Podcast #128: We chat with Kent C Dodds about why he loves React and discuss what life was like in the dark days before Git. Listen now.
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The law doesn't distinguish between two Christians with divergent beliefs, or between an atheist and a Christian (obviously with divergent beliefs). The law simply does not care what religion you have, or whether you have one. The law just says "follow the law!". The complication is that part of the First Amendment which says that the law is to be neutral ...


22

are contract terms enforceable that say the employee has to pay the employer if they leave without giving notice? Yes, as long as the penalization is not of punitive nature. The doctrine of at-will employment is only the default condition, but a contract may supersede it. As for the extra question, reciprocity of sanctions (as in leaving without notice) ...


11

The following FLSA guidance explicitly applies to hourly, overtime nonexempt employees. Rules are looser for salaried, overtime exempt employees, executives and commissioned sales. The Fair Labor Standards Act fact sheet on deductions from pay requires an employee must be paid at least minimum wage for all hours worked in a pay period when there are ...


6

tldr; the agreement is a mess, one-sided, do not sign. This agreement does little to serve your interests, and a lot to harm them. It is also fairly poorly phrased, I have doubts that someone with legal knowledge wrote it. It states: I agree to not disclose, or discuss with anyone, any matters relating to the investigation You are agreeing not to talk ...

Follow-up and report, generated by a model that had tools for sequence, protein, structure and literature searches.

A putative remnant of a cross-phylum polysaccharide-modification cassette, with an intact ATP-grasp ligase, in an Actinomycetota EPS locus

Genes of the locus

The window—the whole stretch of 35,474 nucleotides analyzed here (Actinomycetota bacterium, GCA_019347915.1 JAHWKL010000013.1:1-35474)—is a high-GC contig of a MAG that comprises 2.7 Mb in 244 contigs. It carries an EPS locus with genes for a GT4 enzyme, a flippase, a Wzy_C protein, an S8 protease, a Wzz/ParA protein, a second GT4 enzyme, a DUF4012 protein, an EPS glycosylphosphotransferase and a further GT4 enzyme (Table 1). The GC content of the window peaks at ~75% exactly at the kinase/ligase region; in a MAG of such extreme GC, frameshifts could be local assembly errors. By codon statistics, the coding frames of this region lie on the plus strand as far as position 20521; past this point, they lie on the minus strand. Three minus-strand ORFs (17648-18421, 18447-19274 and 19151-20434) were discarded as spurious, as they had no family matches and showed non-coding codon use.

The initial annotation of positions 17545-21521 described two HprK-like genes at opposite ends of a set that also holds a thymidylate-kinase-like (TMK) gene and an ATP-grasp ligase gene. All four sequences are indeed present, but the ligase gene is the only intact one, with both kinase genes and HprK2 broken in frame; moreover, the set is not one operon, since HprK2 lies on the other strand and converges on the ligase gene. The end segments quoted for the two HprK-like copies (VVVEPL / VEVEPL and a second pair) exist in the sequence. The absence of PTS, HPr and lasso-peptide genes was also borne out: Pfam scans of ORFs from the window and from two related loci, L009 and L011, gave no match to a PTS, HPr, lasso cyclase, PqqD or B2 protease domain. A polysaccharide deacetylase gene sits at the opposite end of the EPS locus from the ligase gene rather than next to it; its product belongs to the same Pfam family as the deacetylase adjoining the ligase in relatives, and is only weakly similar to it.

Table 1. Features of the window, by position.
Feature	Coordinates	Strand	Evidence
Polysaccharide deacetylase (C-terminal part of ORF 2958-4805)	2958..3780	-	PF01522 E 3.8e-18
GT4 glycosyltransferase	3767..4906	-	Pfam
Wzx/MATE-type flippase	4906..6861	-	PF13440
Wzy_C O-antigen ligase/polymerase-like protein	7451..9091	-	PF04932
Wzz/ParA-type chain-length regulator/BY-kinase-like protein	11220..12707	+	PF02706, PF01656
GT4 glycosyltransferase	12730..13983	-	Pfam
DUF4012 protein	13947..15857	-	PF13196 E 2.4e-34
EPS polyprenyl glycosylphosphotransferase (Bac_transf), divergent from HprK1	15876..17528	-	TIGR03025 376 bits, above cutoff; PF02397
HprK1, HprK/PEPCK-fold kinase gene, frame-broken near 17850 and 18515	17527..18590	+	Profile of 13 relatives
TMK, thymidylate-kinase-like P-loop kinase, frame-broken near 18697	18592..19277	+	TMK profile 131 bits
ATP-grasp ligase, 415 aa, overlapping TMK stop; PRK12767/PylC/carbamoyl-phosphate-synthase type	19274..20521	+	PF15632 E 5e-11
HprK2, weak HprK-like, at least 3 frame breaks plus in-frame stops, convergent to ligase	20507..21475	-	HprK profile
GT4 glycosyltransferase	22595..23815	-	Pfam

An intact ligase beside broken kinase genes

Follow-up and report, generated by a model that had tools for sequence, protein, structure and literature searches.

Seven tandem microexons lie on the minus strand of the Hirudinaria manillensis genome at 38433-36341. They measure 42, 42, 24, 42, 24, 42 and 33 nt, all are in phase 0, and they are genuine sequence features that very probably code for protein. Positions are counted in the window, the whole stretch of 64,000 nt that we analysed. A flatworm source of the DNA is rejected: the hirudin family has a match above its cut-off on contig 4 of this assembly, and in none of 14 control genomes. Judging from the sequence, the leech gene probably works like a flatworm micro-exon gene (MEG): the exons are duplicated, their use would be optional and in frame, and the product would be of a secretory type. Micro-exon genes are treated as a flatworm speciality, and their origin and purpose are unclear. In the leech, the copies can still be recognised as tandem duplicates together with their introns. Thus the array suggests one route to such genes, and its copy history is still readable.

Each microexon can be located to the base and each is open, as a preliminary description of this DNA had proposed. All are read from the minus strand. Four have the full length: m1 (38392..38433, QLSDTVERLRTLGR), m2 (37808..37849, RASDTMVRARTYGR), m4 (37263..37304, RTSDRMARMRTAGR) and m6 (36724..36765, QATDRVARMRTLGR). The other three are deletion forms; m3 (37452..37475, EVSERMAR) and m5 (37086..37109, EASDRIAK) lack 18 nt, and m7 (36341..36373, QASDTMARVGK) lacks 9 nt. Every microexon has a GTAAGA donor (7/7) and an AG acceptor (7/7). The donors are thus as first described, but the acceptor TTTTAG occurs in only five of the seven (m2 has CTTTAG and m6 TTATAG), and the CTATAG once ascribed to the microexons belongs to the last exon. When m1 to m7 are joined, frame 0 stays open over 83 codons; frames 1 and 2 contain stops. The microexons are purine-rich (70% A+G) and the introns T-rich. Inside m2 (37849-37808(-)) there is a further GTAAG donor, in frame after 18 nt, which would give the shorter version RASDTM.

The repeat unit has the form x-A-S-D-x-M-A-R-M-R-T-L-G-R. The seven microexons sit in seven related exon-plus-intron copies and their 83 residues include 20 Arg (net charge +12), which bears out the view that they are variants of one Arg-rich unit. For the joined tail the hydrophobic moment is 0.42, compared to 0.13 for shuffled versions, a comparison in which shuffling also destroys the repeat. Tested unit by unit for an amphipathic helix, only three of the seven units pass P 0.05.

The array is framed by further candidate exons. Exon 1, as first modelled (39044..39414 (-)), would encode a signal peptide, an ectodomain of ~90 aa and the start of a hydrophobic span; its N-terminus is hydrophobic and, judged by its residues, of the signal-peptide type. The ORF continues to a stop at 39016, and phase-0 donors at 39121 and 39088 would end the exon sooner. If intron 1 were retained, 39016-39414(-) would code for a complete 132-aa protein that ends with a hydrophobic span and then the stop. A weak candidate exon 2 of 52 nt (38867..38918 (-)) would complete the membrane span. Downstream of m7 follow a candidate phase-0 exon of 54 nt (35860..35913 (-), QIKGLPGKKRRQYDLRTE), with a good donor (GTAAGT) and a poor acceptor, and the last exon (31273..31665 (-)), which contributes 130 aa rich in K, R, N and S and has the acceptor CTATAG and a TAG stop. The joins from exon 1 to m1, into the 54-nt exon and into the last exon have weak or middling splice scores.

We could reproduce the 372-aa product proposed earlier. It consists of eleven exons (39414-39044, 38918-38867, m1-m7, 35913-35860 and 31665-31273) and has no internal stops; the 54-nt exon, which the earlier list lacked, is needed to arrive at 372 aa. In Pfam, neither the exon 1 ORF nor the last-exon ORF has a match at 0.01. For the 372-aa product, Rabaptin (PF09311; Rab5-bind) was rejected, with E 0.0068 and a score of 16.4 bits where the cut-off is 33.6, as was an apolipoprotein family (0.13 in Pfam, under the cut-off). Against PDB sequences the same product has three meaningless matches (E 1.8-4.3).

6

This question fundamentally is not about religion in any way. Based on your question, Christine would not be discriminating against people from Ann's own sect, only against transgender people. If Ann has reason to believe that Christine will behave in a discriminatory way to transgender people, Ann can legitimately exclude her to prevent harm to other ...


5

You can file a complaint with the CFPB regarding 12 CFR §1005.10(e)(2)-1. Your individual state Department of Labor may enforce similar state level regulations too. And, yes, this technically falls under the FDIC as well. You can also file a complaint with them, although it's very unlikely they would pursue any action against a non-bank employer. The FTC ...


4

In the absence of an agreement to the contrary, you could usually be sued in the jurisdictions where the events giving rise to the claim took place, if you were personally served with process anywhere in the world in a procedurally correct manner. If this happens and you default or fail to cooperate in the judicial process, you will probably have a judgment ...


4

Can they? Yes Is it legal? No This is called constructive dismissal and it is as illegal as any other dismissal without legal cause.


4

How big is the scope of the agreement? Even if HR ends up doing nothing to duly redress the issue, signing the agreement forfeits your right to dismantle/refute the false accusations elsewhere and/or to seek relief in court. Based on my personal experience with the University of Michigan HR's department, I suggest you not to expect your company's HR ...


4